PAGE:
Many Oncidium Alliance plants are now blooming with a profusion of small flowers that will move in a breeze. Their fanciful name, Dancing Ladies, describes exactly how the flowers look as they move. They come in an amazing variety of sizes and colors for all decorating needs and will last for about a month. One of the most interesting of these is the Psychopsis orchid which looks like a big butterfly at the end of its stalk. They are bright yellow with orange striping. Another interesting member of the Oncidium family, Tolumnia is a tiny plant which will fit into any space. They need a fair amount of sun to bloom, but are long
lasting and very showy.
Another winter flowering orchid is the Paphiopedilum or Lady Slipper. You would never guess that they are in the orchid family when you first see them. They have a large dorsal (top) petal, two side sepals and a slipper shaped lip after which they are named. They come in colors ranging from green through the darkest purple. Some have but one flower on an inflorescence, while others are multi-floral or have more than one flower on an inflorescence. The flowers are very long lasting and the plants will grow in low light situations making them very popular for windowsill growers.
So, brighten up your January and February with one of these blooming orchids and chase away the winter blues!
Posted by Steve Peralta at 12:02 PM
Thursday, January 14, 2010
What do you call orchids that bloom in the winter? Winter orchids! or winter blooming orchids... I like winter orchids better. That's why I am going to write about winter orchids and tell you what I think makes them so special.
First of all, as we all know, it's cooler in the winter. Inside the orchid greenhouse is not so hot yet with temperature controlled greenhouses, the ambiance (is that the word) of the greenhouse feels very mild. In other words, it's not so hot! Orchid flowers enjoy heat (but not too hot) and the warmer they are the faster they bloom. When it's cooler, the orchid flowers seem to bloom for months. Some orchids have stayed in bloom for nine months. Wow! And it's cooler in the greenhouse. :)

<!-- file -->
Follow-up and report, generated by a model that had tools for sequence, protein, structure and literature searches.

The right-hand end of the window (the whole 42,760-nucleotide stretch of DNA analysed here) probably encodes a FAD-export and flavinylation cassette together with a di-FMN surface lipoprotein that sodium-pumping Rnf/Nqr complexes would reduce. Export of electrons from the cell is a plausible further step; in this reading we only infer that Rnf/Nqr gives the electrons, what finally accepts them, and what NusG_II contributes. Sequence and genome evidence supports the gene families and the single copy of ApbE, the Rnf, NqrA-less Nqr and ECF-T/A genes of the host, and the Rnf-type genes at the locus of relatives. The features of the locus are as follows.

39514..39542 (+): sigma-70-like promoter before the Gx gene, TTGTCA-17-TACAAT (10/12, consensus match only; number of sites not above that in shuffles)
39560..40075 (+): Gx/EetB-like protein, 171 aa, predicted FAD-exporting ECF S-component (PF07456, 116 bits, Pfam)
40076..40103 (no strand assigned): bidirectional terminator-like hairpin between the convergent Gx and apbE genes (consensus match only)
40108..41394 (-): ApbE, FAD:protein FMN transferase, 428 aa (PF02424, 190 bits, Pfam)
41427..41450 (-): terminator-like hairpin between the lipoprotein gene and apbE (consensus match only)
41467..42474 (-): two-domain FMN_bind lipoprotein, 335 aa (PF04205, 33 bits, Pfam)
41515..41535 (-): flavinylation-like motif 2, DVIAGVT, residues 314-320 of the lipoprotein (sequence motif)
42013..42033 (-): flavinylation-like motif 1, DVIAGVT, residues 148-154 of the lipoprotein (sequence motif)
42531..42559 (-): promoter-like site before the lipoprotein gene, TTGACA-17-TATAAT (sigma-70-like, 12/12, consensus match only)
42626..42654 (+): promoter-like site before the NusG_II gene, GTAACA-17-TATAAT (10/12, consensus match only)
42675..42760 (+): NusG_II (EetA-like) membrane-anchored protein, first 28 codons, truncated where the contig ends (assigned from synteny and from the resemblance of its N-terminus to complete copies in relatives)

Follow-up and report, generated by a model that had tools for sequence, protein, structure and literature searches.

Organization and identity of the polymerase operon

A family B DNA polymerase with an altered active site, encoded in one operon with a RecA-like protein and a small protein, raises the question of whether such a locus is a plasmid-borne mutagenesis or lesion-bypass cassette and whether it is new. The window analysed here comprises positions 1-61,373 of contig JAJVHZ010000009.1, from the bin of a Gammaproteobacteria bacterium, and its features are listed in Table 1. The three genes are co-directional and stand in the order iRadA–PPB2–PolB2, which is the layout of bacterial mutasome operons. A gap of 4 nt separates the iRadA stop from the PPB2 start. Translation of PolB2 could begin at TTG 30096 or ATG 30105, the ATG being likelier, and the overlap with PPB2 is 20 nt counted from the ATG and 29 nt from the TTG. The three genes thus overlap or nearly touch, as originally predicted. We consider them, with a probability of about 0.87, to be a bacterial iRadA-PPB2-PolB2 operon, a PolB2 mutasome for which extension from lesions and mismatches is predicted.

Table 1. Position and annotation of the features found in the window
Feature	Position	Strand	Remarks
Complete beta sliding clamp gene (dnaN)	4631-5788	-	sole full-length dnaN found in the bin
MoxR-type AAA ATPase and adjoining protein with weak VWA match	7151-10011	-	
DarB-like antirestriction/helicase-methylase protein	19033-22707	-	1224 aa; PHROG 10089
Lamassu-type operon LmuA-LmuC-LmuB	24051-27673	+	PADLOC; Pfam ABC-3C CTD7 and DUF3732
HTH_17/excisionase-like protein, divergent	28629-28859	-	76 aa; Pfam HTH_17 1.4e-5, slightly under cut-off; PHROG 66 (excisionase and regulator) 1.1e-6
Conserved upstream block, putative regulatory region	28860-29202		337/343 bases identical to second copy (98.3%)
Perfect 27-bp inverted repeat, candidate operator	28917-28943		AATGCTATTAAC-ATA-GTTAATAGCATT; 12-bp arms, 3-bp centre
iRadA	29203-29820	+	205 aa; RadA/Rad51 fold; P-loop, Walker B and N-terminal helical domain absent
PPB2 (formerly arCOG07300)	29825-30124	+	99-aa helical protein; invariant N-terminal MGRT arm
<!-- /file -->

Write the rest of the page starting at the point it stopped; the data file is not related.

Next, the bright colors of the orchid flowers contrast starkly with the grey of the winter sky. Things do get a little gloomy in winter, but the color of blooming orchids can take your breath away! You can't help but smile coming in from the winter, into a greenhouse filled with blooming orchids.
Lastly, winter orchids come in all sizes but none as beautiful as cymbidiums. In California, our cymbidium orchids bloom big time. With so many new color varieties now available in the cymbidium orchid family, you can't help but select a beautiful plant that will last for a life time is properly cared for.
I like winter orchids because they stay in bloom for a long time, come in every color of the rainbow and can put a smile on an angry person and lastly, cymbidium orchids are in bloom in winter, woohoo!
Posted by Steve Peralta at 1:14 PM